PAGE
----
Toronto mayoral candidates and candidates running for Toronto council seats have remained mum on term limits and rank ballots.
Practically speaking, a term limit already exists—it’s called voting. However, despite local governments overseeing our daily lives, voter participation has historically been low.
Not-so-fun facts (Toronto voter turnout post-amalgamation):
It is time to stop looking for institutional solutions to voter deficiencies and apathy. People can remove the mayor or a councillor if they wish. Therefore, I interpret that the 59% of eligible voters who didn’t vote in 2018 were satisfied with their councillor’s performance and John Tory’s leadership. Another way of putting it: 59% of eligible voters weren’t angry enough with John Tory or their councillor to vote them out.
A few months after winning the Ward 19 (Beaches-East York) council seat, Brad Bradford filed a motion to consider term limits. Surprise! Bradford’s motion wasn’t supported by his fellow councillors. Why would councillors vote themselves out of their well-paying position?
Bradford favours a three-term limit, as does Jennifer McKelvie (Ward 25, Scarborough—Rouge Park), who has said she’ll not run for more than three terms. (Note: Bradford and McKelvie are running for a 2nd term. Paul Ainslie, Ward 24, Scarborough—Guildwood, is running for a 5th term. Gary Crawford, Ward 20, Scarborough Southwest, is seeking a 4th term.)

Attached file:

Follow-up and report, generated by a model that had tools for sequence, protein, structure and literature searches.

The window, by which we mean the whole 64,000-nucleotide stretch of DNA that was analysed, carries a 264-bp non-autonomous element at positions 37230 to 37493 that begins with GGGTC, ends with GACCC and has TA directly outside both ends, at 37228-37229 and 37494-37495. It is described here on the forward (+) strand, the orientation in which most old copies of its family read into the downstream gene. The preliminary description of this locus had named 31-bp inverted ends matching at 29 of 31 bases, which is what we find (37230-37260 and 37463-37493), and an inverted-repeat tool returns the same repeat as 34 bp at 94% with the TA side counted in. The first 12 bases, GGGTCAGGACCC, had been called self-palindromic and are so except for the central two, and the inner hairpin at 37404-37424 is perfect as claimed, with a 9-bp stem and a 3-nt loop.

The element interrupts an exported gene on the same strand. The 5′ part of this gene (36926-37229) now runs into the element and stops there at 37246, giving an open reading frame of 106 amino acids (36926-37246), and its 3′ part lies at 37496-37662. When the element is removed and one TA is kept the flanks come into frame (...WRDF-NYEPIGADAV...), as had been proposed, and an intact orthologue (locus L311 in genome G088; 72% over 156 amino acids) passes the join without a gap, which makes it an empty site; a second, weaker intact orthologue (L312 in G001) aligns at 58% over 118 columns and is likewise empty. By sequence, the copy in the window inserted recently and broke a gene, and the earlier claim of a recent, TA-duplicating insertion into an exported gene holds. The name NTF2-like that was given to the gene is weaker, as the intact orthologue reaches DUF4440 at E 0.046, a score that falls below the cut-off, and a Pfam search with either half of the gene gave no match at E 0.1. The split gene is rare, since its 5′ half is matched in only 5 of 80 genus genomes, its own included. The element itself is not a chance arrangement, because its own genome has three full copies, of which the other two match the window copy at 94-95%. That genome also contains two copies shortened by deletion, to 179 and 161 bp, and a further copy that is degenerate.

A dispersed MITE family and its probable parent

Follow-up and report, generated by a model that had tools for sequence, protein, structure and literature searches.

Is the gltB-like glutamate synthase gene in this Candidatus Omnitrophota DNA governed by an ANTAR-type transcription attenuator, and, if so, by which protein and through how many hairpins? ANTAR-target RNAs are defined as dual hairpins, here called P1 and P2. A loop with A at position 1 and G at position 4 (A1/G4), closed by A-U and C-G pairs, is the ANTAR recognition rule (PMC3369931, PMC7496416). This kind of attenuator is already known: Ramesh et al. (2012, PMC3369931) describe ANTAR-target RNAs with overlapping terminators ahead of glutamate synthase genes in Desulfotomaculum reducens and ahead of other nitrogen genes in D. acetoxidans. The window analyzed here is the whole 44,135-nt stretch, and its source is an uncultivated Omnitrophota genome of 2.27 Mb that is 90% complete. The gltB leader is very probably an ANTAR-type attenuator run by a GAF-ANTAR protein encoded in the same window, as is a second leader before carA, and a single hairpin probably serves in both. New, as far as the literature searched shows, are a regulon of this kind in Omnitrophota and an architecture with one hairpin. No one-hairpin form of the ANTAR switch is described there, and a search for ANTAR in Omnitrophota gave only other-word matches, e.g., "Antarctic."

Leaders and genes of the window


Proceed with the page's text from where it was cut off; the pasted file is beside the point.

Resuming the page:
The past March witnessed an event rarely seen in the arena of politics. After two terms, Joe Cressy (Ward 10, Spadina—Fort York) announced he was leaving politics “because it was the right thing to do.”
Several U.S. cities, including New York City, have set term limits for councillors. However, councillors are party affiliated. Therefore, during their second term, a councillor facing a two-term limit would continue to work hard to keep their party’s reputation intact.
In a non-party affiliation system such as ours, I see term limits having both positives and negatives, the foremost being:
Instead of seeking re-election from their supporters, councillors, especially in their last term, will have the intestinal fortitude to stand up for what they believe is in the best for their constituents.
The quality of mayoral and council candidates will diminish. It’s difficult to sell an 8-year career break to those with flourishing careers, who most likely can offer relevant experience.
Term limits appeal to me because city hall would have no career politicians. The incentive career politicians have of doing what gets votes at the expense of what is right would be eliminated.
Ranked ballots, widely used worldwide, is another election reform not mentioned by candidates or incumbents. Across Canada, including in Ontario, all political parties use rank ballots to elect their leaders. (Yes, Doug Ford was elected under rank ballots voting.) In the U.S., the self-proclaiming guardian of democracy, over 20 cities across 18 states, from cities as large as New York City to Telluride, Colorado (pop.2,607), use ranked ballots. All mayors throughout the U.K. are elected through ranked ballot voting.